iptables -A OUTPUT -p {{ service.protocol | default(‘tcp’) }} {{ ‘-d ‘+service.source if service.source is defined else ” }} –sport {{ service.port }} {{ ” if service.protocol is defined and service.protocol == ‘udp’ else ‘! –syn ‘ }} -j ACCEPT
{% endfor %}

# Save active ruleset:
#=====================
/etc/init.d/iptables save active
[/code]

The iptables template consists of different sections that configure iptables rules through two main variables:

  • incoming
  • outgoing

Each variable is a list itself; each item in the list consists of 5 variables:

  • name: Name of the service.
  • port: Port that will be enabled.
  • protocol: Protocol of the service (default: tcp).
  • source (in incoming): Defines the the source address.
  • destination (in outgoing): Defines the destination address.

A sample configuration will look like:

 

[code]
# Incoming Ports
incoming:
– name: SSH
port: 22
– name: HTTP
port: 80
– name: HTTPS
port: 443

# Outgoing Ports
outgoing:
– name: SSH
port: 22
– name: HTTP
port: 80
– name: HTTPS
port: 443
– name: SMTP1
port: 25
– name: SMTP2
port: 587
– name: SMTP3
port: 465
[/code]

The iptables script will use those variables to set the rules of the firewall, the script consists of several sections; Variables declaration, Initialization, defining the common rules that will be applied including the DNS, Pings, and allow all connections on the loopback interface, also it will set ip forwarding with the value of ip_forward variable.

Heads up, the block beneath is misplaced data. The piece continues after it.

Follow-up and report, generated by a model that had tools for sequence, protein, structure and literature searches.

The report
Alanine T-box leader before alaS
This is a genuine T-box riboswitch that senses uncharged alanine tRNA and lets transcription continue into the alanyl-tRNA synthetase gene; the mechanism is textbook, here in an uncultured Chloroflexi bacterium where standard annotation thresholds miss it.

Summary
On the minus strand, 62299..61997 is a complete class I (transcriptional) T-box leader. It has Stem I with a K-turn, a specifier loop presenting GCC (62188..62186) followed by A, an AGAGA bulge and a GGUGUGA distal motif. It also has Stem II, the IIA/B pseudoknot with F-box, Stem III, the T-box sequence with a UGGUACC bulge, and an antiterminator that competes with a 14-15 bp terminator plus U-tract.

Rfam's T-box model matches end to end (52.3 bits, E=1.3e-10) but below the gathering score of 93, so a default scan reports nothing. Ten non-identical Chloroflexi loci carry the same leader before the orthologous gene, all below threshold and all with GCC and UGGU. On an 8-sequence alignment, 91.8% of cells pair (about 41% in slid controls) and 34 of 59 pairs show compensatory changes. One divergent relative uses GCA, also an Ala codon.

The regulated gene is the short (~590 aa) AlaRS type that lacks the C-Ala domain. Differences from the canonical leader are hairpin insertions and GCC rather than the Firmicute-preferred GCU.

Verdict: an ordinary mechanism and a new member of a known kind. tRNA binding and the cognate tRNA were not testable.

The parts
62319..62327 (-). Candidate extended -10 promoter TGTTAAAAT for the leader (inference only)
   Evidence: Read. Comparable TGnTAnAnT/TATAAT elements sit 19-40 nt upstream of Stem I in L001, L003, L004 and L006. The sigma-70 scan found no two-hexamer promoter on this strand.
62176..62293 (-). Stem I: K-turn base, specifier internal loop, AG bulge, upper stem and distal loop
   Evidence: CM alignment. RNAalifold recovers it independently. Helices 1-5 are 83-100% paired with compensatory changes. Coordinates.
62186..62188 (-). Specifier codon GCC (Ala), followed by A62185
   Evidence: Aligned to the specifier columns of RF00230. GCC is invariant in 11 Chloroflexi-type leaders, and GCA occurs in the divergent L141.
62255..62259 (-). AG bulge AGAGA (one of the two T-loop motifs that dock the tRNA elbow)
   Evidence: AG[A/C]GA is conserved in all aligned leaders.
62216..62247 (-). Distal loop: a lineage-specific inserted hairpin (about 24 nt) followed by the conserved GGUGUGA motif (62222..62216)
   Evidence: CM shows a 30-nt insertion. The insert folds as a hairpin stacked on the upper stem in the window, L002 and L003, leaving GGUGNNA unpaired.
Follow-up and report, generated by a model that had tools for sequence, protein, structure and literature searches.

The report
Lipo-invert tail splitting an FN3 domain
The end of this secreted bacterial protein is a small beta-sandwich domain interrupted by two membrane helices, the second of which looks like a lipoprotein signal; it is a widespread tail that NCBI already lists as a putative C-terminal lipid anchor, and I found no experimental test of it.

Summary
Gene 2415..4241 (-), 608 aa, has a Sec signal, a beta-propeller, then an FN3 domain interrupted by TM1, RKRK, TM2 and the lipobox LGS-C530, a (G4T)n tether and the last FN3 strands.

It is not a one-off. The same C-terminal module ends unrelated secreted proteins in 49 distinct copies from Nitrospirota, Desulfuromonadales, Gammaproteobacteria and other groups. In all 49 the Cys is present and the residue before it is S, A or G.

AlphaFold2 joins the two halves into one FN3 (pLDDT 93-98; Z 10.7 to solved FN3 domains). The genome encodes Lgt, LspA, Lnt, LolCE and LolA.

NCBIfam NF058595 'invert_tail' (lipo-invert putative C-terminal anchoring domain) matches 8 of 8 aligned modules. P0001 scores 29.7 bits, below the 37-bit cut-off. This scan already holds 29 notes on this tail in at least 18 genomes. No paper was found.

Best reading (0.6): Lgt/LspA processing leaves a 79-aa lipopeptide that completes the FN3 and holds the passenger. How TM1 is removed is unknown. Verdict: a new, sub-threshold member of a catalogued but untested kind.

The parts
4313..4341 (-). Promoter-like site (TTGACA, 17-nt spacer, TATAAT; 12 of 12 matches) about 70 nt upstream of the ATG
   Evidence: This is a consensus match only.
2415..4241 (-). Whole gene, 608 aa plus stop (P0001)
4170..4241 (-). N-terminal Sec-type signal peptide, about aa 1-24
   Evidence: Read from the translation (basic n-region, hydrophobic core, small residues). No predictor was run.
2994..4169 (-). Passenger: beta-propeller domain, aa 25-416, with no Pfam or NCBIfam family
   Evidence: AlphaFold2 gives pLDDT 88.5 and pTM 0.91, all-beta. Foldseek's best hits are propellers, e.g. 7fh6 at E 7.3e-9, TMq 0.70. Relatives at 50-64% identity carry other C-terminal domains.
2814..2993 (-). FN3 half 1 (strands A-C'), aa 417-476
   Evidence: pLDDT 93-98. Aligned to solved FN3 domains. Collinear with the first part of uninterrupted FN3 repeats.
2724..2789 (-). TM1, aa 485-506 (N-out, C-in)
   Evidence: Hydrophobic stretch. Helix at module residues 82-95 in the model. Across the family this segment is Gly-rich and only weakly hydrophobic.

Afterwards the template will generate the incoming and outgoing rules according to the two variable lists discussed earlier; the template uses “for” loop to iterate on each item in the list, and generate two rules for each item.

For instance, assuming that the incoming list contains an item with the following information:

[code]
incoming:
– name: SSH
port: 22
[/code]

First the template will generate a comment with the service name:

[code]
{{‘##’|e }} {{ service.name }}
{{‘##’|e }} {{‘=’ * service.name|length }}
[/code]

Then it will execute the following statement:

[code]
iptables -A INPUT -p {{ service.protocol | default(‘tcp’) }} {{ ‘-s ‘+service.source if service.source is defined else ” }} –dport {{ service.port }} -j ACCEPT
[/code]

which will check for protocol and and then puts “-s” combined with the source address if source variable is defined, otherwise it will continue by adding –dport in addition to the port for the rule, the second rule is to accept the outgoing requests after establishing the connection:

[code]
iptables -A OUTPUT -p {{ service.protocol | default(‘tcp’) }} {{ ‘-d ‘+service.source if service.source is defined else ” }} –sport {{ service.port }} {{ ” if service.protocol is defined and service.protocol == ‘udp’ else ‘! –syn ‘ }} -j ACCEPT
[/code]

The same concept will apply here, and eventually the rule will look something like:

[code]
## SSH
## ===
iptables -A INPUT -p tcp –dport 22 -j ACCEPT
iptables -A OUTPUT -p tcp –sport 22 ! –syn -j ACCEPT

–syn is a shorthand for –tcp-flags FIN,SYN,RST,ACK SYN.
[/code]

The outgoing will work the same way as the incoming rules, of course more rules can be added as preferred; yet, the sample is sufficient as a start.

Finally the script marks the applied rules as active ruleset. The entire role can be found in the following github link, the role is also available on Ansible galaxy.